Another effective de-stressing remedy is “square breathing,” also known as “box breathing.” Navy Seals use this technique to turn off the “fight-or-flight” response. To try it, sit or lie down in a comfortable position. Inhale for a count of four, hold the breath for four counts, exhale for four counts and hold “empty” for four counts. If it’s helpful, you can imagine the breath forming the four edges of a box or square, or traveling around the outline. Repeat the cycle for five minutes. Afterward, you should experience a greater sense of calm, improved concentration, and overall well-being. Box breathing can be done anywhere, anytime, and is a great way to begin a mindful breathing practice.
Try taking mini-mindfulness breaks during your workday. You can download an app like Headspace so a quick meditation is always within reach. Try to do a few minutes of mindful or box breathing upon rising or before going to bed, or when you’re stuck in traffic or waiting in line. If you have trouble sitting in meditation, try a walking meditation, preferably outside in nature, or find a workout such as swimming, yoga, or tai chi that encourages deep, slow breathing. One definition of mindfulness is simply “being in the moment,” as opposed to letting your thoughts run wild (what meditation teachers call “monkey mind.”). Focusing on the breath is a way of reining in anxiety-provoking thoughts that arise when we worry about the future or ruminate about the past. When you catch yourself doing this, try to shift your focus to the task at hand, whether it’s folding laundry or chewing your food. This is also known as “being in the moment.”
Other proven modalities to manage stress and anxiety include movement, journaling, drawing/coloring, getting outside, massage, laughter, and even sex (alone or with a partner). It’s natural to feel stressed from time to time. For our survival, we’re wired to be superbly attuned to threats to our well-being like that hungry tiger (this is known as the “negativity bias”). Our brains tend to gloss over or downplay pleasing experiences such as tasting a really delicious bite of cake, smelling a flower, or looking at a smiling infant. With practice, however, it’s possible to train your brain to dwell on the positive. Make a mental note when you feel safe, happy, or content, or make a literal note in a gratitude journal that you can revisit from time to time. Any of these practices, or a combination thereof, can make you more resilient, a quality that we can all use right now.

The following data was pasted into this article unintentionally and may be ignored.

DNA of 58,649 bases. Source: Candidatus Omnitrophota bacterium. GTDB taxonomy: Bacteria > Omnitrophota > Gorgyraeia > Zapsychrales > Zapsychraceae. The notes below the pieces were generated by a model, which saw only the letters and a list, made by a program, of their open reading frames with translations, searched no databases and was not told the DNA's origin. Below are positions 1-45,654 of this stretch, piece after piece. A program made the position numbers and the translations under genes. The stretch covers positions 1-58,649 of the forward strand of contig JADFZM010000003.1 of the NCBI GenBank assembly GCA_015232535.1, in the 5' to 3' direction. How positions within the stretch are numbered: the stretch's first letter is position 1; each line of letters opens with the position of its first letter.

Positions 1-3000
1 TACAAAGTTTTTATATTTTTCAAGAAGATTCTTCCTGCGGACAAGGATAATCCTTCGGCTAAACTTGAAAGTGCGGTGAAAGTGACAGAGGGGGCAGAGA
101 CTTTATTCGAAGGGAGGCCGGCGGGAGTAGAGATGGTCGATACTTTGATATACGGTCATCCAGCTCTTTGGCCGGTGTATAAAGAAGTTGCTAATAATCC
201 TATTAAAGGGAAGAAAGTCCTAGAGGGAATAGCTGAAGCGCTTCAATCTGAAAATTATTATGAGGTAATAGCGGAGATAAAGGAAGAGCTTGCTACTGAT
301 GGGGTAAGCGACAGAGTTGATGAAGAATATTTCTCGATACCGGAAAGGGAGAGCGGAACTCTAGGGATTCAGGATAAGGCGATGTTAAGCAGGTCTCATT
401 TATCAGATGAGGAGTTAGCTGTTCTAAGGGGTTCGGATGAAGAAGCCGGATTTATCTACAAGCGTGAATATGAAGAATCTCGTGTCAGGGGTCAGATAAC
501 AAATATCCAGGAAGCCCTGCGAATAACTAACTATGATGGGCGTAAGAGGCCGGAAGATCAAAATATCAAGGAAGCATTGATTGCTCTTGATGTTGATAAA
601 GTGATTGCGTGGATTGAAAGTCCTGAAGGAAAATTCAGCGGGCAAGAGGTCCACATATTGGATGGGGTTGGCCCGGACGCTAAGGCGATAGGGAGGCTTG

If stress is keeping you from eating, sleeping, or performing daily tasks, it can be helpful to consult a trained counselor. Your healthcare provider should be able to refer you to a mental health practitioner such as a psychologist or psychiatrist (the latter is a medical doctor who is able to prescribe medication). A short course of cognitive-behavioral therapy (CBT), which trains you to notice your reactions to stimuli, is especially helpful for patients dealing with stress and anxiety.